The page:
By Francesca Norsen Tate
Brooklyn Daily Eagle
Another film series, offering the best of Israeli cinema, is a popular tradition at the Kane Street Synagogue.
The Brooklyn Israel Film Festival at Kane Street Synagogue marks its ninth year celebrating Israeli cinematography. This popular festival is a major venue for some of the newest and best films coming from Israel. The festival, beginning on Thursday, Jan. 24, and continuing on Saturday, Jan. 26, and Sunday, Jan. 27, again features three nights of award-winning, thought-provoking films, plus discussions with film experts. There is no movie on Friday night in observance of Shabbat. The 2013 films explore themes with a common thread: all expose previously untold stories about Jewish European immigrants who were affected by the Holocaust, examining their impact on Israel and Israel’s impact on their lives.
The 2013 festival kicks off on Thursday, Jan. 24 at 8 p.m. with "The Flat," an emotionally riveting documentary that follows director Arnon Goldfinger’s investigation of mysterious memorabilia, which lead him to discover disturbing secrets regarding his grandparents’ past. "The Flat," in Hebrew, German and English with English subtitles, was awarded Best Documentary, 2011 Israeli Academy Awards; Best Documentary Director, 2011 Jerusalem Film Festival; and Best Editing, 2012 Tribeca Film Festival. After the viewing, Professor Geoffrey S. Cahn, an expert in post-Holocaust reconciliation, will lead a film discussion.
The festival continues on Saturday night, Jan. 26 at 8:00 with "My Australia," the story of two brothers coming to terms with their Jewish identity. Polish brothers Tadek, 10, and Andrzej, 14, whose mother is raising them as Catholics, have no idea that she is secretly a Jewish Holocaust survivor. But when the brothers join an anti-Semitic gang that assaults Jews, and then get arrested, their mother decides to move with her sons to Israel. To soften the blow, she tells Tadek that they are going to Australia, which has always been his dream. She delegates Andrzej to tell Tadek the truth, which adds to the film elements of suspense and tension. Told from Tadek’s perspective with sensitivity and humor, this film examines the much-neglected post-war generation born in Europe and its relationship to Jewish and Israeli identity.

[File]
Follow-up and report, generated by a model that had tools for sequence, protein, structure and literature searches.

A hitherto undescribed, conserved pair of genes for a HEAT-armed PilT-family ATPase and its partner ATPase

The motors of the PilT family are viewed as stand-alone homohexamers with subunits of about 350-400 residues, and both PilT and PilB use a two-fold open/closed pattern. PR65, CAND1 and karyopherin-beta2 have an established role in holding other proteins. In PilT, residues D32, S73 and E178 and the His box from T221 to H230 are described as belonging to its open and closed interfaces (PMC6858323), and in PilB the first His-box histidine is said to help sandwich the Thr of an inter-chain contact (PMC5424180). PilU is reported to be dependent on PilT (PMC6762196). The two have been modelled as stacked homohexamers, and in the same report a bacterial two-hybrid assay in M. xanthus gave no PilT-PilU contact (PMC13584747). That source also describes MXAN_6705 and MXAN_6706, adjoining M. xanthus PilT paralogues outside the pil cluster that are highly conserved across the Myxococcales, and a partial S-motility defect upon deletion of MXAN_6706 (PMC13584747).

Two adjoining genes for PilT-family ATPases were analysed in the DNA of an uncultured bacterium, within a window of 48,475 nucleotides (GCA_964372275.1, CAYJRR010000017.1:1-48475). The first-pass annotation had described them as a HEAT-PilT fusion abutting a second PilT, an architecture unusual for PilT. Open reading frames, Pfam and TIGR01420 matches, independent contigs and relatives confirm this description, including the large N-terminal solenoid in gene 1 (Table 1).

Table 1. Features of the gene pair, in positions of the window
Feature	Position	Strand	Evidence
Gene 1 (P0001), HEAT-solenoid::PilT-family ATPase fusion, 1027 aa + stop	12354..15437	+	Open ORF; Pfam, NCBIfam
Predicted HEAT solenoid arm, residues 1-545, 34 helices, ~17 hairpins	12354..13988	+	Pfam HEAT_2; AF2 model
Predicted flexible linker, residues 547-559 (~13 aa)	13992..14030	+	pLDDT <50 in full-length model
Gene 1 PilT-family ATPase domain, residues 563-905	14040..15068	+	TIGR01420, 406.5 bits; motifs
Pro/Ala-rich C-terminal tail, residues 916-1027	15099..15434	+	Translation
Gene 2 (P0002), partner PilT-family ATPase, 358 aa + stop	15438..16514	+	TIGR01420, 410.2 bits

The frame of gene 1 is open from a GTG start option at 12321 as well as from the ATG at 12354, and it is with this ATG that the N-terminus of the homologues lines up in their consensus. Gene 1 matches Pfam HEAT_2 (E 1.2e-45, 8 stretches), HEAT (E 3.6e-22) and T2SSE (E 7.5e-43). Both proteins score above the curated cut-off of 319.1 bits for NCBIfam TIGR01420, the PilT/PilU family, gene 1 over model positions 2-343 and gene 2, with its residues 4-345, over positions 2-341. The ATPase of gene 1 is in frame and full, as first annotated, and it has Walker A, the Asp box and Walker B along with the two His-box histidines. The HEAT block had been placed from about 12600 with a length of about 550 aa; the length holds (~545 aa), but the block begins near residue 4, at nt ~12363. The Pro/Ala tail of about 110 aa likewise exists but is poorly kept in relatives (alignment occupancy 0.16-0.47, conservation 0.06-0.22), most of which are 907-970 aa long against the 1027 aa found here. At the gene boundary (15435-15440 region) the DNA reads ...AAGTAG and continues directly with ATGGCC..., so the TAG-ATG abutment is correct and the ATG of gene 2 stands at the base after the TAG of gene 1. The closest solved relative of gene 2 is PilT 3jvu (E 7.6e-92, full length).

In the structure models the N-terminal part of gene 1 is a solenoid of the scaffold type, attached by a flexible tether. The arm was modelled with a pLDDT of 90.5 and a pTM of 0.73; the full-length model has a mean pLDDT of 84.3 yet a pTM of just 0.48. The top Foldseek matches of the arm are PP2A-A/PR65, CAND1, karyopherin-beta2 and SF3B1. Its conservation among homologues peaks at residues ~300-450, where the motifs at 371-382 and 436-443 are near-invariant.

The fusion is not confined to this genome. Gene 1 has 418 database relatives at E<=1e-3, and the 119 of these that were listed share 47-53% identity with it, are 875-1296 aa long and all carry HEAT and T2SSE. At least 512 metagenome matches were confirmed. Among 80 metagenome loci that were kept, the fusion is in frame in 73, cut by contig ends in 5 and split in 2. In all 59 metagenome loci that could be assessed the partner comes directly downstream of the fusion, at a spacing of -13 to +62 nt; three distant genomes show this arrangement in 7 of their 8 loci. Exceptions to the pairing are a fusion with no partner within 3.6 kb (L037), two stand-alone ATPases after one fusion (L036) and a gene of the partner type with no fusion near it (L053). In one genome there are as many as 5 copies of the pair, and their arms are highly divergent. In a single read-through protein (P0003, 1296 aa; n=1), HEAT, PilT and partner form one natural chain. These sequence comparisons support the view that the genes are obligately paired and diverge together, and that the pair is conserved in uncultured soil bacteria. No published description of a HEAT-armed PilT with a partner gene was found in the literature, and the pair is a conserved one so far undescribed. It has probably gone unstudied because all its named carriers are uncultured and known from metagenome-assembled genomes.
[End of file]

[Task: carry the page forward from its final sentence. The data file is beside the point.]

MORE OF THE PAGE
"My Australia," in Hebrew and Polish with English subtitles, was named the winner of the Audience Choice Award, 2011 Jerusalem Film Festival.
The Festival concludes on Sunday, Jan. 27 at 7 p.m. with the English-language film "Orchestra of Exiles." From Academy Award-nominated director Josh Aronson, this documentary tells the dramatic story of world-renowned Polish violinist Bronislaw Huberman, who rescued some of the world’s greatest musicians and their families from Nazi-occupied Europe to create the orchestra that would become the Israeli Philharmonic. This powerful film features Itzhak Perlman, Zubin Mehta, Pinchas Zukerman, Joshua Bell and others. There will be a post-film Q&A with Director Josh Aronson.
Tickets, $12 per film or $30 for the entire series of three films, can be purchased at www.kanestreet.org/IFF or at the door. For more information about the festival, readers may visit www.kanestreet.org/iff, facebook.com/brooklynIFF and Twitter@BrooklynIFF. Kane Street Synagogue is at 236 Kane Street between Court and Clinton Streets in Cobble Hill.